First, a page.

We need to vent our anger publicly and begin to help mould the Zimbabwe our elders died for.
Inevitably, any public demonstrations of displeasure with government’s failure to establish a fair and credible voter registration exercise – or electoral outcome, will elicit a fierce backlash in the form of government propaganda and violence, because the Zanu-PF comrades abhor democracy.
Still, that can’t hold us back.
We must be willing to welcome and bear the pains of a democratic struggle.
To achieve a vote that expresses the will of the people, Zimbabwe needs a lot more people like Makomborero Haruzivishe to help will our democracy forward.
As Zimbabweans, we have a tendency to overthink and over analyse our situation and become overly theoretical and less practical about our democratic struggle, our own strengths and our own responsibilities towards correcting our deplorable situation.
The 2023 presidential and general elections will not be won through clever inaction or smart negotiations with Zanu-PF.
But we might win them if we fight for what is really ours: our democracy – a principled democracy which works for all.
That means we have to use every legal and people-oriented action to secure a credible electoral environment and election.
We have made mistakes in past times and allowed Zanu-PF to ride roughshod over our rights – for fear of what may happen to us.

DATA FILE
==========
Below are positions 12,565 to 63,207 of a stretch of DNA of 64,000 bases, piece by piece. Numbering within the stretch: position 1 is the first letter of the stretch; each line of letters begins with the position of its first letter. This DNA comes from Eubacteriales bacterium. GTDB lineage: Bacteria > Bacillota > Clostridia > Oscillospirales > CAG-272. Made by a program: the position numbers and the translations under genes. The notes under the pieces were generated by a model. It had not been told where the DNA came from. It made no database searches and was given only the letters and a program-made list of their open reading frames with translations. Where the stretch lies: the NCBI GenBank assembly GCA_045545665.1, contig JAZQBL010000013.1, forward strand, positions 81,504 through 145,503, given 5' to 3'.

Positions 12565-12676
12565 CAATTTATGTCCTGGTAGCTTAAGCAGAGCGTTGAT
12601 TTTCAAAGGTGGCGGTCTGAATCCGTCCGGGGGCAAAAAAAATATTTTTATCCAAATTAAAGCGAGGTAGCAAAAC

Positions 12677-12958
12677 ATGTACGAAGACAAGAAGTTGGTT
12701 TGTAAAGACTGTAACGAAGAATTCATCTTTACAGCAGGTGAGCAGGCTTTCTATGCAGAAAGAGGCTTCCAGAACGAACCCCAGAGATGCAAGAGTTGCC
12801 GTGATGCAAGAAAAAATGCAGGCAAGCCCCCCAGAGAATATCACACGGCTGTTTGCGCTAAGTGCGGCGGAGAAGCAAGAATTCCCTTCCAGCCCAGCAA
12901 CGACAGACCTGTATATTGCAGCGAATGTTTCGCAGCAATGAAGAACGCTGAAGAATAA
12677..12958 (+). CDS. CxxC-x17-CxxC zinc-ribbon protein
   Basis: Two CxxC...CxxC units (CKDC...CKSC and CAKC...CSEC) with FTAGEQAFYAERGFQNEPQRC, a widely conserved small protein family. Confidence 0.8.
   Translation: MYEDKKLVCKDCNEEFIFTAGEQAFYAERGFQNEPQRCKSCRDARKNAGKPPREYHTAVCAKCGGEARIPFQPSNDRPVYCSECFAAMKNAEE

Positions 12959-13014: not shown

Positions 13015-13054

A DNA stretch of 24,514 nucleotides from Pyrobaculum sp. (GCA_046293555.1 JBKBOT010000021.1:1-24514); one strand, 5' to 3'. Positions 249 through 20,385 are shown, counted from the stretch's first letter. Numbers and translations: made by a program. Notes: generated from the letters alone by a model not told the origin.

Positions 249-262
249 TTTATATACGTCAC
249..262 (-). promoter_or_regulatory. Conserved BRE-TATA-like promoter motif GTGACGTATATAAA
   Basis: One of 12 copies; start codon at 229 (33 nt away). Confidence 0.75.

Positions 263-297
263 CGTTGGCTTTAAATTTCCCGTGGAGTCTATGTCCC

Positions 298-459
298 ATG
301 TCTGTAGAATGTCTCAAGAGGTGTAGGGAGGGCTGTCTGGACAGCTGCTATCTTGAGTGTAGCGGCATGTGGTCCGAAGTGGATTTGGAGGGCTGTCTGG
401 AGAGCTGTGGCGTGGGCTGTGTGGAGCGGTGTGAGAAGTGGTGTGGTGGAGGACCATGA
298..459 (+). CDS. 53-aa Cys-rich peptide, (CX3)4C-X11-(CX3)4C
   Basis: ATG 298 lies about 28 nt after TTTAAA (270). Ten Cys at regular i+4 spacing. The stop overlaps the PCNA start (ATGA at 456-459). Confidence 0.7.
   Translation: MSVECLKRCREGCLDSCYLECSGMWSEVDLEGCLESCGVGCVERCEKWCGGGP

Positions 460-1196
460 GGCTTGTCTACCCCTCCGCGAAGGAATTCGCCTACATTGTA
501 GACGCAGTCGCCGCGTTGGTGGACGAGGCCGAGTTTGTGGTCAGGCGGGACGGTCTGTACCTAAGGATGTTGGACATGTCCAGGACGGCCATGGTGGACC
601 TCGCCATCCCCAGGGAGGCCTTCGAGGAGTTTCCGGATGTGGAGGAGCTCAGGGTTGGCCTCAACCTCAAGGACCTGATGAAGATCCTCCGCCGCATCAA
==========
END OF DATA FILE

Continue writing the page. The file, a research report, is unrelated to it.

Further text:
But how has that worked out for us?
Armed soldiers are running amok across the country, committing robberies.
Millions of skilled and educated people are jobless.
Millions are reluctant economic exiles.
Millions can’t afford to access proper healthcare.
And hundreds have died attempting to cross the Limpopo River to get to South Africa and thousands remain stranded by Beitbridge border – all desperate to earn a living in a functional economy – and the Zanu-PF leadership is simply unbothered by such an anomaly.
Hence, without democratic change, Zimbabwe’s woes will deepen.
We can’t allow Zanu-PF to shroud the 2023 election in controversy and force another Emmerson Mnangagwa win down our throats.
And we can’t sit back and merely hope for the best.
We have to fight for the Zimbabwe we want.
We owe it to the people who died before and after independence in pursuit of our democracy to confront these political bullies.
Nobody will help us – until we begin to stand up for ourselves.
Tafi Mhaka is a Johannesburg-based writer and commentator. His debut novel, Mutserendende: The African in Us, was scheduled for release in 2020. Follow him on @tafimhaka / tafi.mhaka